Bright one sunny morning we visited the Boca Chica tax office to ask what would be necessary in order to pay the upcoming annual car tax sticker, bearing in mind that John very unfortunately had had his car documents stolen, along incidentally and even more irritatingly, with his passport and credit cards. “Just get an original title document (known here as a ‘Matricula’) after verifying the car ownership at a police department called Plan Piloto then place an advertisement in a national newspaper to the effect that your matricula has been lost … and then the sticker will be yours”, was what the nice lady told us. But in order to accomplish that seemingly simple goal…well, herein lies the whole incredible time-wasting bizarre story.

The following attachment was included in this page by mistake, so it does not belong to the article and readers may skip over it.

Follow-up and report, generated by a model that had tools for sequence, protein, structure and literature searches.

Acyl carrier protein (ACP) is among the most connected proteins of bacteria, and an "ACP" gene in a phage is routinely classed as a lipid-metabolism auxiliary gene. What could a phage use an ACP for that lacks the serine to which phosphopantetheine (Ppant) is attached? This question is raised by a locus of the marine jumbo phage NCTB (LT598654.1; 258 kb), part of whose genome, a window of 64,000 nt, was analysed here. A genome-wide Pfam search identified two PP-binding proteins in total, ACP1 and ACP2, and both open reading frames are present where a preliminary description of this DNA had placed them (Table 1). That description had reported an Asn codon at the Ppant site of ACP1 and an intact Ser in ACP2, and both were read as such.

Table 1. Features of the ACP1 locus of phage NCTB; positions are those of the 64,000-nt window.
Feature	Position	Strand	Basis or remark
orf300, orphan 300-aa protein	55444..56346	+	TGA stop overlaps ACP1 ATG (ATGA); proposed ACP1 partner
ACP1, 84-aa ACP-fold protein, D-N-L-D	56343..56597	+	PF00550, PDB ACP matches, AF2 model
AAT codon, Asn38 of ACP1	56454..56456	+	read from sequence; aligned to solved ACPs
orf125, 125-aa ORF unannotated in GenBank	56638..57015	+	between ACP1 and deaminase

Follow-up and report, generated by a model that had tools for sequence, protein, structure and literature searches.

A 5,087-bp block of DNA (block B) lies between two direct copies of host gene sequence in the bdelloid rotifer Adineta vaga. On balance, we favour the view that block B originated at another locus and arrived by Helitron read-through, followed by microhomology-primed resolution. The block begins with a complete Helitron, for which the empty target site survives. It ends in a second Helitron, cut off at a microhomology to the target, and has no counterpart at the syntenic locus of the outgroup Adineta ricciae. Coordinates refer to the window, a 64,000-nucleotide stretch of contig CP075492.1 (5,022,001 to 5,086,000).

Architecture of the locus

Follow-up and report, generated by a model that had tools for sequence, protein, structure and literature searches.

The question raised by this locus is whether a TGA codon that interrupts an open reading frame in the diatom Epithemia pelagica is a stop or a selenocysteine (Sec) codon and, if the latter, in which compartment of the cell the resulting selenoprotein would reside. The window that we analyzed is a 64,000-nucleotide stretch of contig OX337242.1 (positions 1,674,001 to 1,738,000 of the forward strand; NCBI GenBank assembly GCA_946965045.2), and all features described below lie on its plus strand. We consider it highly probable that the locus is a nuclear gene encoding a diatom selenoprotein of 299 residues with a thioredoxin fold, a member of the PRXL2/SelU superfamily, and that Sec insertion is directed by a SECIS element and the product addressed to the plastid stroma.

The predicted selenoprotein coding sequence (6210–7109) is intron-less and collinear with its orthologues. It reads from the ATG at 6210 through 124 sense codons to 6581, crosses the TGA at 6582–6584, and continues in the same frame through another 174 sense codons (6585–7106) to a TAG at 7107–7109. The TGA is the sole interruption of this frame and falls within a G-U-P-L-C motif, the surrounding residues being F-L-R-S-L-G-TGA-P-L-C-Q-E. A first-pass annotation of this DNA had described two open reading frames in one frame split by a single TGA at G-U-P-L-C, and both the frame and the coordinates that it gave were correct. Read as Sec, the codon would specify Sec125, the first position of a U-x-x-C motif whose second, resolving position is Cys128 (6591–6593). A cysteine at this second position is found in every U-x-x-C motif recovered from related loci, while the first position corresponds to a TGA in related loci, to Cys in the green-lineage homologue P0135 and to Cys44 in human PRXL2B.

First port of call was the ‘Listin Diario’ (the largest circulation national newspaper in the DomRep) where we correctly lodged full details of the stolen vehicle title for placement in an advertisement. We returned a few days later to pick up the certified copy of the official advertisement and then on to ‘Plan Piloto’. First off we lined up with the vehicle for it to have its chassis and registration numbers verified against a copy of the title that John, at least, fortunately still had. This done then a payment of RD$52 had to be made at window number 1… but not until the requested copies of certain documents could be provided! The requested copies, though, couldn’t immediately be provided, because the entire area was subject to one of the Dominican Republic’s infamous power cuts. Quite an extensive hunt ensued to find a place that a. had electricity and b. a functioning photocopier. Here we would like to offer a free plug for the very helpful local savings and loan company – ‘Asociación Popular de Ahorros y Préstamos’ who clearly felt sorry for us and at no cost made the relevant copies. “Back to Plan Piloto”, we mutually recited, completely unaware of how common a catchphrase that would become for us.